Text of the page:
Quote: > To rotate a single point around the point X with the distance to that point > from your rotation pt is Xr > you should use, assume centr_x and centr_y is the x, y coordinates of the > point you want to rotate around: > new_x = Xr * cos(angle) + centr_x; > new_y = Xr * sin(angle) + centr_y; > but if you'r rotating alot of vectors you should consider doing a lookup > table instead of using cos and sin > float look_sin[360] > float look_cos[360] > for(int x =0; x <360; x++) > { > look_cos[x] = cos(x*(PI/180)); > look_sin[x] = sin(x*(PI/180)); > } > am i right?
You may not need 360 elements in the array. Depending on the resolution and how coarse/fine you want the rotation to be you don't need to use 360 degrees. Instead you could dimension your table to 100 elements and define a circle as having 100 "whatsits." And math using longs may be faster (warning untested code just to illustrate ideas): Dim MyCos(0 To 99) As Long Dim MySin(0 To 99) As Long Dim Pi As Single Pi = 3.14 .... For I = 0 To 99 MyCos(I) = Cos(i * (Pi/50)) * 1000 MySin(I) = Sin(i * (Pi/50)) * 1000 Next A = AngleInDegrees / 3.6 NewX = (OldX * MyCos(A)) / 1000 + CenterX NewY = (OldY * MySin(A)) / 1000 + CenterY  Roger Arrow Mailing List Server for Windows: http://www.jadebox.com/arrow/ Your personal mailing list server

Tue, 30 Apr 2002 03:00:00 GMT 


Kory Bricke #13 / 24

Rotate one pixel around another pixel...
I'm trying to do something similar and I don't understand what is happening. The problem is that instead of taking 360 iterations to complete a circle, it only takes 30. I create a lookup table in the following manner: for(int x =0; x <360; x++) { look_cos[x] = cos(x*(PI/180)); look_sin[x] = sin(x*(PI/180)); } Later I "plot" some points (actually I am blitting an image but just using the left, top coordinate as the point that is being rotated) in the following manner (not optimized at all because I'm trying to keep it simple until it works): For this example I just use 3 "steps" and am attempting to have them be just 1 degree appart but they aren't. They are WAY more than just 1 degree off (actually look something closer to 90 degrees apart). Any ideas why? FYI  166,165 that I use are the width and height of the image being "rotated" XPos = 300 * look_cos[0] + (g_DisplayWidth / 2  (166 / 2)); YPos = 300 * look_sin[0] + (g_DisplayHeight / 2  (165 / 2)); SetRect(&OutputRect,XPos, YPos, XPos + 166, YPos + 165); g_pDDSBack>Blt(&OutputRect, g_pDDSSprite, NULL, DDBLT_WAIT  DDBLT_KEYSRC, &ddbltfx); XPos = 300 * look_cos[1] + (g_DisplayWidth / 2  (166 / 2)); YPos = 300 * look_sin[1] + (g_DisplayHeight / 2  (165 / 2)); SetRect(&OutputRect,XPos, YPos, XPos + 166, YPos + 165); g_pDDSBack>Blt(&OutputRect, g_pDDSSprite, NULL, DDBLT_WAIT  DDBLT_KEYSRC, &ddbltfx); XPos = 300 * look_cos[2] + (g_DisplayWidth / 2  (166 / 2)); YPos = 300 * look_sin[2] + (g_DisplayHeight / 2  (165 / 2)); SetRect(&OutputRect,XPos, YPos, XPos + 166, YPos + 165); g_pDDSBack>Blt(&OutputRect, g_pDDSSprite, NULL, DDBLT_WAIT  DDBLT_KEYSRC, &ddbltfx);
Quote:
> ><snip> > >> x = r * cos(angle) > >> y = r * sin(angle) > >> angle is in radians. I don't remember the formula to convert radians > >> to degrees, but you probably know that. > >> So if your point is at 320, 240, and you want to rotate a point around > >> it 10 pixels away... > >Hmm... Say I wanted to rotate 334, 237 then? Would it be something like > >this? > >x = 14 * cos(angle) > >y = 3 * sin(angle) > No. > R is your radius. A radius doesn't go negative. If you did use a > negative radius, then the position the point was supposed to appear at > would be reversed... it would be on the opposite side of the circle. > >or do I need to find some brilliant HowFarAwayIsReallyThisPoint() function? > I thought you knew how far away the points you were going to rotate > were. > If you plot a point, and then want to rotate it, you'll need to find > it's distance from the center point. For that you'd need to use the > distance equation: > d = sqrt((y1y2) * (x1x2)) > Where x1, y1 are the first point, and x2, y2 are the second. > Of course, you might not need to do it that way... Do you just want to > plot some points and rotate them? You could just assign them random > distances and angles to start at. That wouldn't require a distance > equation.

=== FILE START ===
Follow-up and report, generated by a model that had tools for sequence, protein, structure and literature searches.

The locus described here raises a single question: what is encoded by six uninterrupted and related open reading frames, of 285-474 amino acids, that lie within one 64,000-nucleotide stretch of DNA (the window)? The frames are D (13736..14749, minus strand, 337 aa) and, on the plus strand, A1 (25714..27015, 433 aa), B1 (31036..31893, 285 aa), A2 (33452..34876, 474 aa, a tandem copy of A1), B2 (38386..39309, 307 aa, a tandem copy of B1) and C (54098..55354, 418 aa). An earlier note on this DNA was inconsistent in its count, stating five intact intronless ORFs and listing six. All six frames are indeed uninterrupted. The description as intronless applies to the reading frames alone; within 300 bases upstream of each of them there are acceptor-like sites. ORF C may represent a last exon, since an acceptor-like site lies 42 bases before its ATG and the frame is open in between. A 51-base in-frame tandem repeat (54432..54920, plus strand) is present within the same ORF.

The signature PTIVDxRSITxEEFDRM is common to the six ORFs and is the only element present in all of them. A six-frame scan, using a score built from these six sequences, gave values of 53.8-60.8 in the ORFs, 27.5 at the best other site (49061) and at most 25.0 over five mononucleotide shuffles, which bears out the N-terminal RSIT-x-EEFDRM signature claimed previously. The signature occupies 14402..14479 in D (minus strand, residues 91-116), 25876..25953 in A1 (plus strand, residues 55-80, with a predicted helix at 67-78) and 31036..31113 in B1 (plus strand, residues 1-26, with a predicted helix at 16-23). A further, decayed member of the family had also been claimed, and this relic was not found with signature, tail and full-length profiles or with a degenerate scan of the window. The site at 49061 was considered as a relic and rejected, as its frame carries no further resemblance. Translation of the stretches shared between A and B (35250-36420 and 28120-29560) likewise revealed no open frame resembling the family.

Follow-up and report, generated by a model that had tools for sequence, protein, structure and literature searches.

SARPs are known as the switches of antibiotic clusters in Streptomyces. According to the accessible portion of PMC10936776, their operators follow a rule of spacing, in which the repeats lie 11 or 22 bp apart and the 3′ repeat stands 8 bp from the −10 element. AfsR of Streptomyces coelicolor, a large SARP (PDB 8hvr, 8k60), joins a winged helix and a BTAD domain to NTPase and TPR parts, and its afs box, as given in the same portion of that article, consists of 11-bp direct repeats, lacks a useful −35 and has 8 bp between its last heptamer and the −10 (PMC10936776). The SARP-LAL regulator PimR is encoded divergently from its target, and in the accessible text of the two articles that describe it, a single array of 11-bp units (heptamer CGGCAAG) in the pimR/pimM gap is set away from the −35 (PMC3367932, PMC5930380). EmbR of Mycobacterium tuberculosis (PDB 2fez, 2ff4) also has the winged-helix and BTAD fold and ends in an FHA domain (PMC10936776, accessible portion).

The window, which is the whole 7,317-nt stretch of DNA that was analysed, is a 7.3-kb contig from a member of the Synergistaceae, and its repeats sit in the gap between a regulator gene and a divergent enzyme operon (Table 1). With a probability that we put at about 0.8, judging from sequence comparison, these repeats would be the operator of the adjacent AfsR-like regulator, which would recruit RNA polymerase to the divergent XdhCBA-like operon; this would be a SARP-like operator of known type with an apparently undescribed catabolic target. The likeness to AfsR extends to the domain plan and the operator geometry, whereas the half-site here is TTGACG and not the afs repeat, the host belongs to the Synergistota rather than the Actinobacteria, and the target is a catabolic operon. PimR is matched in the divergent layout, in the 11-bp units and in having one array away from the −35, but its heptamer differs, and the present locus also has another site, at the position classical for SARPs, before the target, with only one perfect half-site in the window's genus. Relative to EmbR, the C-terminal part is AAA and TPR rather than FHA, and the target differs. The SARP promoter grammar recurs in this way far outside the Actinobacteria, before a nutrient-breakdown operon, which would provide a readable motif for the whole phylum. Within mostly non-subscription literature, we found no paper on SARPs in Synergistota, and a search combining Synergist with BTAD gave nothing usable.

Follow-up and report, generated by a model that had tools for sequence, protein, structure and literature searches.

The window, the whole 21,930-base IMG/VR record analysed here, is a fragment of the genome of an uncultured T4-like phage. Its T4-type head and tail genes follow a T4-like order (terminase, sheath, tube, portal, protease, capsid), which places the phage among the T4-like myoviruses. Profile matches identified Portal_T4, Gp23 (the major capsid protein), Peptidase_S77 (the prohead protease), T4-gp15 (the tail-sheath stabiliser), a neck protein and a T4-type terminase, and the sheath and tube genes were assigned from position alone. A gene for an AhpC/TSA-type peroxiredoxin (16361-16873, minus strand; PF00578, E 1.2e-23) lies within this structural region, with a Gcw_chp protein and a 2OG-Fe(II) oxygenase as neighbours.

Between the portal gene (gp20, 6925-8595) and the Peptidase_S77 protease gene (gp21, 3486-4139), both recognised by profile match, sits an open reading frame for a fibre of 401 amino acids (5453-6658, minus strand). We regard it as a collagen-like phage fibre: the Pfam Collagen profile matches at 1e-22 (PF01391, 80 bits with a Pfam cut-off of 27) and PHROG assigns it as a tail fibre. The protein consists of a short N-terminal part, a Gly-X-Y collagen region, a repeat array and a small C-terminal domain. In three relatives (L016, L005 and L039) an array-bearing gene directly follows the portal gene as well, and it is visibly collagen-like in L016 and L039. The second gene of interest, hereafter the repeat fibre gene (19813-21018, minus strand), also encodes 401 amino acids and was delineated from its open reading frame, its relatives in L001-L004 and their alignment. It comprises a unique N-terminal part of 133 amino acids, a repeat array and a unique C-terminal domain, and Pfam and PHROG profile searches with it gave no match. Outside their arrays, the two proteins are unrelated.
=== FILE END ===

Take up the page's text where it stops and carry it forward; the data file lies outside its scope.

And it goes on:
Wed, 01 May 2002 03:00:00 GMT 


sswi #14 / 24

Rotate one pixel around another pixel...
Quote:
>I'm trying to do something similar and I don't understand what is happening. >The problem is that instead of taking 360 iterations to complete a circle, >it only takes 30. >I create a lookup table in the following manner: >for(int x =0; x <360; x++) > { > look_cos[x] = cos(x*(PI/180)); > look_sin[x] = sin(x*(PI/180)); > }
Are your arrays the right number format? A float, not an integer? The degrees to radians conversion seems to be okay... That is, if PI is equal 3.14159265 Why don't you try something even simpler, and just try to plot 360 points around in a circle? Quote: >FYI  166,165 that I use are the width and height of the image being >"rotated" > XPos = 300 * look_cos[0] + (g_DisplayWidth / 2  (166 / 2)); > YPos = 300 * look_sin[0] + (g_DisplayHeight / 2  (165 / 2));
Are you sure the order of operations with your multiplication and addition are right there? I forget which goes first... I always seperate stuff with parentheses to be sure.

Thu, 02 May 2002 03:00:00 GMT 


Kory Bricke #15 / 24

Rotate one pixel around another pixel...
After finally giving up for the night and getting some sleep I took a look at it again with "fresh" eyes and figured out that the problem was because I had defined PI as const PI = 3.1415926535897932384626433832795; when I should have done const float PI = 3.1415926535897932384626433832795; After making the change everything works great
Quote:
> >I'm trying to do something similar and I don't understand what is happening. > >The problem is that instead of taking 360 iterations to complete a circle, > >it only takes 30. > >I create a lookup table in the following manner: > >for(int x =0; x <360; x++) > > { > > look_cos[x] = cos(x*(PI/180)); > > look_sin[x] = sin(x*(PI/180)); > > } > Are your arrays the right number format? A float, not an integer? > The degrees to radians conversion seems to be okay... That is, if PI > is equal 3.14159265 > Why don't you try something even simpler, and just try to plot 360 > points around in a circle? > >FYI  166,165 that I use are the width and height of the image being > >"rotated" > > XPos = 300 * look_cos[0] + (g_DisplayWidth / 2  (166 / 2)); > > YPos = 300 * look_sin[0] + (g_DisplayHeight / 2  (165 / 2)); > Are you sure the order of operations with your multiplication and > addition are right there? I forget which goes first... I always > seperate stuff with parentheses to be sure.

Thu, 02 May 2002 03:00:00 GMT